The essential question in deciding a motion for judgment as a matter of law is whether the evidence the jury could have believed in reaching its verdict was substantial enough to support its findings. See Orthokinetics, Inc. v. Safety Travel Chairs, Inc., 806 F.2d 1565, 1573 (Fed.Cir. 1986). Thus, the question is not what the court might have believed, but what the jury could have reasonably determined. See Dawn Equip. Co. v. Kentucky Farms, Inc., 140 F.3d 1009, 1014 (Fed.Cir.1998) ("the inquiry is whether a reasonable jury, given the record before it viewed as a whole, could have arrived at the conclusion it did.").

B. Motion for a New Trial

Under Federal Rule of Civil Procedure 59(a), "a new trial may be granted to all or any of the parties and on all or part of the issues in an action in which there has been a trial by jury, for any of the reasons for which new trials have heretofore been granted in actions at law in the courts of the United States." Fed. R.Civ.P. 59(a). The decision to grant or deny a new trial is within the sound discretion of the court. Allied Chemical Corp. v. Daiflon, Inc., 449 U.S. 33, 36, 101 S.Ct. 188, 66 L.Ed.2d 193 (1980). Moreover, the standard for grant of a new trial is less rigorous than the standard for grant of judgment as a matter of law in that the court need not view the evidence in the light most favorable to the verdict winner. LifeScan Inc. v. Home Diagnostics, Inc., 103 F.Supp.2d 345, 350 (D.Del.2000) (citations omitted). Among the most common reasons for granting a new trial are the following: (1) the jury's verdict is against the clear weight of the evidence, and a new trial must be granted to prevent a miscarriage of justice; (2) newly discovered evidence exists that would likely alter the outcome of the trial; (3) improper conduct by an attorney or the court unfairly influenced the verdict; or (4) the jury's verdict was facially inconsistent. Id.

Finally, the court is particularly mindful that it must not substitute its own judgment of the facts and the credibility of witnesses for those of the jury, but rather, that it should grant a new trial on the basis that the verdict was against the weight of the evidence only where a miscarriage of justice would result if the verdict were to stand. See Williamson v. Consolidated Rail Corp., 926 F.2d 1344, 1352 (3d Cir.1991); EEOC v. State of Delaware Dept. of Health and Social Services, 865 F.2d 1408, 1413 (3d Cir.1989).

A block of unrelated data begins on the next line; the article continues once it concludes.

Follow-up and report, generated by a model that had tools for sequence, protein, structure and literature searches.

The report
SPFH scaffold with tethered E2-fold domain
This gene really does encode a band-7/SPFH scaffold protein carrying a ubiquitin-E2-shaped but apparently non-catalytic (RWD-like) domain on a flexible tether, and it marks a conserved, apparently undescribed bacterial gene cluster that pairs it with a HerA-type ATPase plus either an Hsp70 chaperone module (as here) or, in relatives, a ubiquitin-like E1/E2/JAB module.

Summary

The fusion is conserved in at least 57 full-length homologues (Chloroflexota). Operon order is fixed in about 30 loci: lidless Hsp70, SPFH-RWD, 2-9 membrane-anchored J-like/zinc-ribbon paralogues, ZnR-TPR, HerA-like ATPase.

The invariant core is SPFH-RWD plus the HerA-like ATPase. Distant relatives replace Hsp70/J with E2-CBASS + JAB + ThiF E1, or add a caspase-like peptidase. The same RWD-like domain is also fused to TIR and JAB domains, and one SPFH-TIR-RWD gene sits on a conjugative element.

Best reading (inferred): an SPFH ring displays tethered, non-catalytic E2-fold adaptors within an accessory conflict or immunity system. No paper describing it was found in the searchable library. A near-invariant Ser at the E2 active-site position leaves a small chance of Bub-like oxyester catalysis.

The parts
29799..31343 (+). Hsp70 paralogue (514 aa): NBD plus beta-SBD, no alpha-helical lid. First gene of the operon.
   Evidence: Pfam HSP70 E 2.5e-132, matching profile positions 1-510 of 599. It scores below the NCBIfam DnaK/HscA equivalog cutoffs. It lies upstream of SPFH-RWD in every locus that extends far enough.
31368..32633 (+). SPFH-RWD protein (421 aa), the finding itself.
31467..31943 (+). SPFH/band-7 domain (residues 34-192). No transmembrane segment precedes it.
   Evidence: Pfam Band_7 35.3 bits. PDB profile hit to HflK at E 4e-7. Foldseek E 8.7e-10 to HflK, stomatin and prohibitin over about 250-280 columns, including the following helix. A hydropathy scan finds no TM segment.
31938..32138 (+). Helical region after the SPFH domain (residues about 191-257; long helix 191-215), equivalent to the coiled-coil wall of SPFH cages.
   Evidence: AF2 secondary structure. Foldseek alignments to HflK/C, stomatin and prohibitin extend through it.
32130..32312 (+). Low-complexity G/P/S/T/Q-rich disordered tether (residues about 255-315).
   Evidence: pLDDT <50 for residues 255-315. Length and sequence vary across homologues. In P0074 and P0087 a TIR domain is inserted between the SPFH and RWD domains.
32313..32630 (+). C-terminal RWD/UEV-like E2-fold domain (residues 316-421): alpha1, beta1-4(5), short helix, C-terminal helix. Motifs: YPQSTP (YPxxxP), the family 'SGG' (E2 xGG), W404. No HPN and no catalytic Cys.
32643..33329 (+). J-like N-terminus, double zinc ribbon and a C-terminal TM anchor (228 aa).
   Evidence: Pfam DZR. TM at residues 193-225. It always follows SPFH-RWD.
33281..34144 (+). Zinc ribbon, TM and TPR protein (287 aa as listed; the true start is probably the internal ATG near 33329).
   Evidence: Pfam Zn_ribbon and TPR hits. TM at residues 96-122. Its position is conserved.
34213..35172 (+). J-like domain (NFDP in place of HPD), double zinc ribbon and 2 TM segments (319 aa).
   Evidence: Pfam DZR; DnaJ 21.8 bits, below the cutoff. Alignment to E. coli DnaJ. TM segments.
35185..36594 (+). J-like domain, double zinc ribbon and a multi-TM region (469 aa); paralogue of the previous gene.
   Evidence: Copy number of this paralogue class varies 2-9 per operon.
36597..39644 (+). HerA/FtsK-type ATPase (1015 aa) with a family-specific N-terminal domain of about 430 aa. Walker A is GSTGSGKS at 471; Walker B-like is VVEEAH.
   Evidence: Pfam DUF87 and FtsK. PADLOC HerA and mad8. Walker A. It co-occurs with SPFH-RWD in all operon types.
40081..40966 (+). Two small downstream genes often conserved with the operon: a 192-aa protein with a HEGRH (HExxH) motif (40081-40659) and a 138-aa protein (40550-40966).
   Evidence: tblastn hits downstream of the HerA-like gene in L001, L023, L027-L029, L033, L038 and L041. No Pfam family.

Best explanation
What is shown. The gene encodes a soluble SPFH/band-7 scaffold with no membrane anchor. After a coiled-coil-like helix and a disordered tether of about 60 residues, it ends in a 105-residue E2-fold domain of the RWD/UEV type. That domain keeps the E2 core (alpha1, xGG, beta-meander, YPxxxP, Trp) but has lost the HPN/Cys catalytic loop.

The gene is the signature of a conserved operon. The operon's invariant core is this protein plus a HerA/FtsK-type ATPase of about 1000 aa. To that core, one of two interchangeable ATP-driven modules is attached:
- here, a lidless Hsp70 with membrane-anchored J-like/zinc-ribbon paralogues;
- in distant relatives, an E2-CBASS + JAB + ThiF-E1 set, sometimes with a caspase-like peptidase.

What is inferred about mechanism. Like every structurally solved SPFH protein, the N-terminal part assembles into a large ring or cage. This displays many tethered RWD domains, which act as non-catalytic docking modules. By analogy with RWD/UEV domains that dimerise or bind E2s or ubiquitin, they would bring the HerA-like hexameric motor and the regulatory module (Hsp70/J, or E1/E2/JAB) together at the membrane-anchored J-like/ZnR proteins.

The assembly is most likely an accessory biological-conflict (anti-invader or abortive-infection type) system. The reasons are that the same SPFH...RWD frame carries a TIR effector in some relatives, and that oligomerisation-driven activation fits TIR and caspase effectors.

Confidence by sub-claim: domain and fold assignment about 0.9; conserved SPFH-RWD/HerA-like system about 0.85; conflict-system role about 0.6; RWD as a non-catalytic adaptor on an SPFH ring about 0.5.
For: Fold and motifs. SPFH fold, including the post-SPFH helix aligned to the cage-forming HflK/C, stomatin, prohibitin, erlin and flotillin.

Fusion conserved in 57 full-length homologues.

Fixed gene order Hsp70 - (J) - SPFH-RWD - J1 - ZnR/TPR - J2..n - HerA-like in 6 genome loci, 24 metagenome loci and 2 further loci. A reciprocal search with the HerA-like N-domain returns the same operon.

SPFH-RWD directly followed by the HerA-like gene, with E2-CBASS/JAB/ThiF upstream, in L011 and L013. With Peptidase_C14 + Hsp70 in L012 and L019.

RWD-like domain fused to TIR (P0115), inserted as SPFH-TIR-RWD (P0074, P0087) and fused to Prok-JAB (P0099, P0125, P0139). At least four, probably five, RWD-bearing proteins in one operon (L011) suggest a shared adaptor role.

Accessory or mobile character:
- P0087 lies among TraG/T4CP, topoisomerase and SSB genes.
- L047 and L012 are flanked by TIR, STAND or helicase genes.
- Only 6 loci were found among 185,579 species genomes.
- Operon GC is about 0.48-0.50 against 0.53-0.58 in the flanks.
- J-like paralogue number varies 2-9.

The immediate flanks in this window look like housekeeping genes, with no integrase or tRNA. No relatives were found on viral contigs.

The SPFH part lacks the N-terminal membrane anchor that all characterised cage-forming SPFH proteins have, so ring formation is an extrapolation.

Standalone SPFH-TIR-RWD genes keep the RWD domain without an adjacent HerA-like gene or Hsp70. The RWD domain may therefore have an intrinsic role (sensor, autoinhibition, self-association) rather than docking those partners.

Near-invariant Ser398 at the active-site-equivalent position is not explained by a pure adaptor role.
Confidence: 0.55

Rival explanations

A. Honeywell's Motion for Judgment as a Matter of Law
1. Whether Honeywell is Entitled to Judgment on Literal Infringement of Claim 4 as a Matter of Law?

Honeywell moves for a judgment as a matter of law reversing the jury's findings that the APS 3200 did not literally infringe Claim 4 of the '194 patent. Honeywell argues that it entitled to judgment as a matter of law because it met its burden of proving a prima facie case of infringement by establishing at trial that Sundstrand's APS 3200 surge control system literally infringed Claim 4 of the '194 patent. Honeywell further contends that in response to its prima facie case of infringement, Sundstrand failed to present evidence, which would support Sundstrand's contentions of non-infringement.

Literal infringement of a claim occurs when every limitation recited in a claim appears in the accused device, i.e., when "the properly construed claim reads on the accused device exactly." KCJ Corp. v. Kinetic Concepts, Inc., 223 F.3d 1351, 1358 (Fed.Cir.2000). At trial, Honeywell had the burden of proving literal infringement by a preponderance of the evidence that the APS 3200 includes each and every element found in Claim 4 of the '194 patent. See Southwall Technologies, Inc. v. Cardinal IG Co., 54 F.3d 1570, 1575 (Fed. Cir.1995). The court must emphasize that on a JMOL motion, this burden is especially high. See LNP Eng'g Plastics, Inc. v. Miller Waste Mills, Inc., 77 F.Supp.2d 514, 547 (D.Del.1999). The court may grant JMOL in favor of the party bearing the burden of proof only where 1) the movant has established its case by evidence that the jury would not be at liberty to disbelieve and 2) the only reasonable conclusion is in the movant's favor. See id.

Because the parties dispute whether there is substantial evidence to support the jury's verdict that the APS 3200 does not literally infringe Claim 4 of the '194 patent, the court will first set forth the claims of the '194 patent and then describe the evidence presented at trial.

a. Claim 4 of the '194 patent

Claim 4 of the '194 patent states:

A method of utilizing a compressor of a gas turbine engine to power pneumatically-operated apparatus having a variable inlet air flow demand, the compressor having adjustable inlet guide vanes, said method comprising the steps of:

(a) interconnecting a supply duct between the compressor and the pneumatically-operated apparatus;

(b) flowing discharge air from the compressor through said supply duct to the pneumatically-operated apparatus;

(c) maintaining an essentially constant minimum supply duct flow rate, despite fluctuations in the flow rate of air received by the...